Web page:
Freeman Maple Pros and Cons, Care, Problems

| August 10, 2023

A huge shade tree known as the Freeman maple (Acer x Freemanii) was created by crossing red and silver maple trees (Acer rubrum x Acer Saccharinum). The best characteristics of both parent species have been passed on to this hybrid. This tree’s attractive form and fiery autumn color are inherited from its parent, the red maple. The silver maple is responsible for its quick development and extensive tolerance of soil.

There are roughly a dozen different “freemanii” cultivars of Freeman Maples, although only about half of those are commonly found in nurseries. Some cultivars have an oval shape, while others are more columnar. The Freeman Maple’s adaptability makes it a valuable landscape addition. It can be used for a variety of purposes, including providing shade, creating a “focal point” in the landscape, and blocking out undesired views. Numerous cities also frequently use the Freeman Maple as parkway trees.

Freeman Maple Pros and Cons, Care, Problems

Freeman Maple Pros and Cons

Freeman maples are often grown along streets or to provide shade. Freeman maples are selected for their stunning fall color, which is typically present in red maple, as well as the additional hardiness and ease of growth that are frequently found in a hybrid.

Freeman maple has lovely fall colors, grows quickly, and is more urban-tolerant than silver maple.

Freeman’s maple is preferable to red maple in urban environments because it is less susceptible to stress caused by iron chlorosis and can survive in higher-pH soils. 

In general, this is a rapidly growing tree that is not overly fussy about site conditions; however, the rapid growth frequently results in weak structure, and unmanaged trees are susceptible to significant limb failure, as is the case with silver maple. 

Freeman maples are susceptible to maple bladder gall and Verticillium wilt, both of which can be fatal if left untreated. It is more resistant to chlorosis than red and silver maples. These hybrids are also prone to suffering from sunscald and frost cracks.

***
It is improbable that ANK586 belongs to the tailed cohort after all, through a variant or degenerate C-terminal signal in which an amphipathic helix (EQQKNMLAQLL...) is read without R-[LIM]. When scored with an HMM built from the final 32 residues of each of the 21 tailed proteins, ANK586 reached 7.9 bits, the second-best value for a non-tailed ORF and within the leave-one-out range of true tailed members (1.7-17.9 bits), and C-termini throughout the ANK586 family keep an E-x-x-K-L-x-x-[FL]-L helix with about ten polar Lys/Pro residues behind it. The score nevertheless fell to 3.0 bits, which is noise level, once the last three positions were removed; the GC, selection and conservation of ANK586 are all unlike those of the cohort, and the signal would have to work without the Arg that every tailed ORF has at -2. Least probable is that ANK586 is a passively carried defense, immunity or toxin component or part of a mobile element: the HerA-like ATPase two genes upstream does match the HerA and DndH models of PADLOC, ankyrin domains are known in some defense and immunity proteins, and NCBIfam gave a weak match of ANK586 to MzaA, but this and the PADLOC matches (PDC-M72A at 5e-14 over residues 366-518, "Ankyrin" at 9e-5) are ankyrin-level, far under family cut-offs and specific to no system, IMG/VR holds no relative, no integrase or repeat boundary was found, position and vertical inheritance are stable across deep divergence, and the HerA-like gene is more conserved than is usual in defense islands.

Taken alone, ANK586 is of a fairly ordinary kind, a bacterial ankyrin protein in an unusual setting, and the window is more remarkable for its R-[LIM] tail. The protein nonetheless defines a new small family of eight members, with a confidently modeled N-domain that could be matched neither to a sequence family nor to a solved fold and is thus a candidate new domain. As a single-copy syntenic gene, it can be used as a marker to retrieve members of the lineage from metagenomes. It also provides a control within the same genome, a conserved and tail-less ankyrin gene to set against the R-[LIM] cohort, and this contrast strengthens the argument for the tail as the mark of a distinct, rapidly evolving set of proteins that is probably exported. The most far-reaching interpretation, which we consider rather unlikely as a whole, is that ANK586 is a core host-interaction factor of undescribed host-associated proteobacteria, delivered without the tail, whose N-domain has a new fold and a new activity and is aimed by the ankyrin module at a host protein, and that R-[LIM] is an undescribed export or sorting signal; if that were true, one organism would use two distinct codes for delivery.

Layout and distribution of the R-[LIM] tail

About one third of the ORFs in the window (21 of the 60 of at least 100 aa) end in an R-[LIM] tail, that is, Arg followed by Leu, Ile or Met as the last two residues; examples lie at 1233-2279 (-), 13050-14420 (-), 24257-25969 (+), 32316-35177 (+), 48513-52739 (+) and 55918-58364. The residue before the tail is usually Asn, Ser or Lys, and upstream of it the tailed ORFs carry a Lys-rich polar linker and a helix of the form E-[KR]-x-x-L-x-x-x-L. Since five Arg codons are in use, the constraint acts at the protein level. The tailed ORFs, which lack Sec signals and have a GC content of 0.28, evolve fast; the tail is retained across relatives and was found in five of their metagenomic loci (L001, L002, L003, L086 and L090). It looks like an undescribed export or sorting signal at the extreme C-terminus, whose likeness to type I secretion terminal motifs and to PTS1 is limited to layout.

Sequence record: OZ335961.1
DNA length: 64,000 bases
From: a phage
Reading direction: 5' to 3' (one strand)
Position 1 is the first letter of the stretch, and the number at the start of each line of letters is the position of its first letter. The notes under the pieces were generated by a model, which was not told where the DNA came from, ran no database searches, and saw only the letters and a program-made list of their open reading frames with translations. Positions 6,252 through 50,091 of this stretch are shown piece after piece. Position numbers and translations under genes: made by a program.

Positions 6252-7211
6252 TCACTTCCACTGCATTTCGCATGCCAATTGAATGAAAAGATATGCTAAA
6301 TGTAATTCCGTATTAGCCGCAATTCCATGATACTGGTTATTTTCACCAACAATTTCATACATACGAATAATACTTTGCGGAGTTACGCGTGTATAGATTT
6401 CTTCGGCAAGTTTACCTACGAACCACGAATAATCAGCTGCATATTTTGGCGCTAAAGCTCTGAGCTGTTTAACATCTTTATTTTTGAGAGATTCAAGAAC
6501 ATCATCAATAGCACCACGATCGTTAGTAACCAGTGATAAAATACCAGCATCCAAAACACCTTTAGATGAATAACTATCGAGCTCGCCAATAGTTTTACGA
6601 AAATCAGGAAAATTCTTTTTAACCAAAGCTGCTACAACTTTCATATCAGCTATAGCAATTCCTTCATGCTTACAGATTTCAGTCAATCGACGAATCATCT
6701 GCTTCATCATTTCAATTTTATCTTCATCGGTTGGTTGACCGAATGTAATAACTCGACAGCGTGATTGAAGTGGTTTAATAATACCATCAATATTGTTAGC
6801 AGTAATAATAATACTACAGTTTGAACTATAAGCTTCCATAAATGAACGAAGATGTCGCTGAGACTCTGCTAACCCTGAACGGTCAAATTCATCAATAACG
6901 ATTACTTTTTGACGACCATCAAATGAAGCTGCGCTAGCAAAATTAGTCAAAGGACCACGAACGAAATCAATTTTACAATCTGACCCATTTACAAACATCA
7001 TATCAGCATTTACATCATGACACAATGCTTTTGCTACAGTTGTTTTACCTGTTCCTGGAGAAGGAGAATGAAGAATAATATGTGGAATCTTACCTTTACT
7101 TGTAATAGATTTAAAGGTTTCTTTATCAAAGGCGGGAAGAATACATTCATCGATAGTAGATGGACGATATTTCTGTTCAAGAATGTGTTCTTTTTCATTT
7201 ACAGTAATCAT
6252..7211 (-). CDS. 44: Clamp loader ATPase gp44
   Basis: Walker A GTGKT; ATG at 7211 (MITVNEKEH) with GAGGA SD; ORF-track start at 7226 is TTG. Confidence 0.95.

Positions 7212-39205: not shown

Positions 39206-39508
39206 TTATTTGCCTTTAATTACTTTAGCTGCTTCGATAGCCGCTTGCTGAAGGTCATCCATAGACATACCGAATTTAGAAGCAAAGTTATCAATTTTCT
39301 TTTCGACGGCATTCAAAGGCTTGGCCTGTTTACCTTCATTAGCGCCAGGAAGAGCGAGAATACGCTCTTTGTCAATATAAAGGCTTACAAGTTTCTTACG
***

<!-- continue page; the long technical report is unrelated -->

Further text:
The following problems are also found in the Freeman maple trees:

  • Maple bladder gall is a disorder caused by microscopic mites that eat the leaves and form small, spherical galls on the upper part of the leaf.
  • A fungal disease known as “tar spot” causes black, tar-like spots to appear on leaves, which hinders photosynthesis and detracts from aesthetic appeal.
  • A fungus called anthracnose develops dark patches, blotches, and sores on leaves, particularly near the veins.
  • A fungus called powdery mildew causes the leaves to develop a white, powdery coating, which weakens and ruins the look of the leaves.

Freeman Maple Care

The Freeman maple, also known as Freeman’s maple, is a huge tree that grows to be 40-60 feet tall when mature and is a cross between red maple and silver maple. Freeman maple has opposite, simple leaves with five deep lobes and toothed margins. Fall colors range from red-orange to yellow. 

The tree flourishes in USDA hardiness zones from three to seven. It’s important to know that the Freeman maple hybrid can grow to a height of 14-21 meters (45-70 feet) before planting it. Freeman Maple is a low maintenance tree and does not require much attention.

For the best autumn foliage displays, Freeman maple trees are recommended to be planted in full-sun locations. In contrast, the type of soil is of lesser importance. The best-growing conditions for a Freeman maple involve moist, well-drained soil; however, this tree can handle wet as well as dry conditions.

Freeman Maple Problems

The Freeman Maples are attractive specimen trees. They are also grown in the streets. In general, the bark of this species is thin and easily damaged. This indicates that the bark of the tree is susceptible to both sunscald and frost damage. When caring for a Freeman maple, it’s important to use tree guards to keep young transplants safe during their first few winters. The short root systems of the Freeman maple present another possible problem. As these maples mature, their roots can reach the soil’s surface. Because of this, it is possible to endanger the health of a mature tree by transplanting it. Selecting a cultivar is necessary if one plans to cultivate Freeman maple trees. Numerous options offer various features and forms.

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